Friday

3rd Feb 2023

Germany, Austria finally open doors to eastern workers

  • The move by Berlin and Vienna was delayed until the last possible moment allowed by EU law (Photo: Wolfgang Staudt)

Germany and Austria have finally opened their doors to eastern European workers, seven years after eight former Soviet-bloc states joined the European Union in 2004.

As of Sunday (1 May), individuals from the Czech Republic, Estonia, Hungary, Latvia, Lithuania, Slovakia and Slovenia will now be able to come and go and work freely in the last two EU states to maintain restrictions on the flow of workers from the east.

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Just three EU states - the UK, Ireland and Sweden - fully opened their labour markets upon the bloc's 'big-bang' expansion in 2004, with other member countries steadily raising restrictions in the years that followed.

However, the two German-speaking states kept the door closed until the very last moment allowed within the transition period, which came to an end on Sunday, coincidentally international workers' day.

Berlin for its part went on a media blitz among right-wing populist papers attempting to soothe fears of a sudden wave of migrants from the east.

Labour minister Ursula von der Leyen, speaking to Bild, the conservative daily, said that the government would ramp up the number of checks in the construction and catering sectors to ensure employers were not using migrants to undercut wages.

The finance minister, Wolfgang Schaeuble, announced the addition of a further 150 inspectors to clamp down on employment of irregular migrants.

Not everyone was so sanguine about the move. The neo-Nazi NPD marched in Bremen and other German cities over the weekend in protest at the labour market opening.

The party held banners reading "Stop the foreign worker invasion", but were outnumbered by thousands of counter-protesters.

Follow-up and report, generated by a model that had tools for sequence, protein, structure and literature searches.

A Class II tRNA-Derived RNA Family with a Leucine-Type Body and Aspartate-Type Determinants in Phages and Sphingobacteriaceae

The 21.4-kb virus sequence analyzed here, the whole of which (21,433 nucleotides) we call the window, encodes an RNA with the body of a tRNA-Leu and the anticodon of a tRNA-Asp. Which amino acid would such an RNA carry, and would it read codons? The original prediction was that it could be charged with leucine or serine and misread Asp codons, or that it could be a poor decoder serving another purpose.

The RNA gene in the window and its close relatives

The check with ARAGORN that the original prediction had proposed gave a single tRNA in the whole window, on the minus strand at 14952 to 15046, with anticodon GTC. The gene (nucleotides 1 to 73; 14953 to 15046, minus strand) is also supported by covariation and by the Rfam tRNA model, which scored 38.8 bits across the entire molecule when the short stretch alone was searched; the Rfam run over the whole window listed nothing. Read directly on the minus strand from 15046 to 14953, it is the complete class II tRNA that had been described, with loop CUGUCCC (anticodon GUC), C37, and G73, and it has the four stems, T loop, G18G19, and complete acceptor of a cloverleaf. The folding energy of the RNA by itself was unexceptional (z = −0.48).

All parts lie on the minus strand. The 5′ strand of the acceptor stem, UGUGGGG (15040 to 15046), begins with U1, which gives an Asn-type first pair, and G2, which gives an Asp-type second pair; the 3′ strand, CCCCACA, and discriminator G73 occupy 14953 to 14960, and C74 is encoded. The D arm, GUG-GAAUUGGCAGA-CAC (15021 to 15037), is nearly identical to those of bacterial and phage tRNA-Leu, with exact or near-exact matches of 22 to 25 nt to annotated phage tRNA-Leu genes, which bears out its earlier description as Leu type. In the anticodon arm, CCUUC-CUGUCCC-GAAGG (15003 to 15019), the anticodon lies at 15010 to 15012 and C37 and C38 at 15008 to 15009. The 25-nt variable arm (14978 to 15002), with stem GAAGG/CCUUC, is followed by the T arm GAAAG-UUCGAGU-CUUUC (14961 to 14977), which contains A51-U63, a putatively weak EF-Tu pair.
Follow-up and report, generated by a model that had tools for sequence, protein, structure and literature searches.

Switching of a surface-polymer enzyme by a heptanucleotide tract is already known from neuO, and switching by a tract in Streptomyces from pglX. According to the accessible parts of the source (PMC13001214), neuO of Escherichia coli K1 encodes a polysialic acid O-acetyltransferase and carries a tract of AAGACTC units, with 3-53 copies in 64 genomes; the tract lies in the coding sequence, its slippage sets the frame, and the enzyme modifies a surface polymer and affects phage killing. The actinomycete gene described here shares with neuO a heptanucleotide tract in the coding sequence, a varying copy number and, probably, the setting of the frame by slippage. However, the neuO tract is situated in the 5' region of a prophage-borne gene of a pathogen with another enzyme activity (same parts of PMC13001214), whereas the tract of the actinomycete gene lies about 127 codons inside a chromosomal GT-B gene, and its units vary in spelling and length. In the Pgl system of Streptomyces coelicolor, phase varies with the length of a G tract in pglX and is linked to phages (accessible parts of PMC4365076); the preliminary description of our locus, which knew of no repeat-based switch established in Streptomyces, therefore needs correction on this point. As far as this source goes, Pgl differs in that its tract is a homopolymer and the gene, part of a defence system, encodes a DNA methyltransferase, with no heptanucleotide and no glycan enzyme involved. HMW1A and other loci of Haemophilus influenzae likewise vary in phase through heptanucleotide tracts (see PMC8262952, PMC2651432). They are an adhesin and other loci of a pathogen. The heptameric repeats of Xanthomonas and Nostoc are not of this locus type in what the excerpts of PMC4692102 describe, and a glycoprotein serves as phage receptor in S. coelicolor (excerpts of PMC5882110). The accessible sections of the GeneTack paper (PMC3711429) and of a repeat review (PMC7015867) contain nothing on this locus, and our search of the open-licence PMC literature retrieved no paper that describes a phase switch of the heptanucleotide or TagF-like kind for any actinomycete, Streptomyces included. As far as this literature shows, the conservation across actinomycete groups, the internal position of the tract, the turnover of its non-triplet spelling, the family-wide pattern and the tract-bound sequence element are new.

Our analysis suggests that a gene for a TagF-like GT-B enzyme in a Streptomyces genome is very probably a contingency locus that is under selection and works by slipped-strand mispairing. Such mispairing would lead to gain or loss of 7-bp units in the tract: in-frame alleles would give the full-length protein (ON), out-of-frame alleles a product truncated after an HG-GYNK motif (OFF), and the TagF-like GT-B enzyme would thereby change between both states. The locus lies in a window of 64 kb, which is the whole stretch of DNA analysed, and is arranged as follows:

In a related development, a report out last week from the UK's National Institute for Economic and Social Research said that the country's decision to immediately open the gates had been overwhelmingly positive to the economy.

Migrants from eastern Europe boosted the British economy by 0.38 percent from 2004 to 2009, the report said, equivalent to an injection of some £5 billion to the British economy.

Some 700,000 workers from the east entered the UK over this period, the authors estimated, 500,000 of which came from Poland.

Nevertheless, concerns by trade unions, who in Germany have used the occasion to call for the introduction of a minimum wage, that migrant workers are used by employers to push down wages appear to be borne out by a separate report from the centre-left Friedrich Ebert Stiftung, a think-tank allied to the country's Social Democrats.

The study found that eastern workers arriving in Ireland earn on average 18 percent less than native-born Irish workers.

Meanwhile, workers from the last two eastern states to join the block, Romania and Bulgaria, who entered the Union in 2007, still remain locked out until 1 January, 2013.

Romanians and Bulgarians do however enjoy full rights to free movement in 15 member states.

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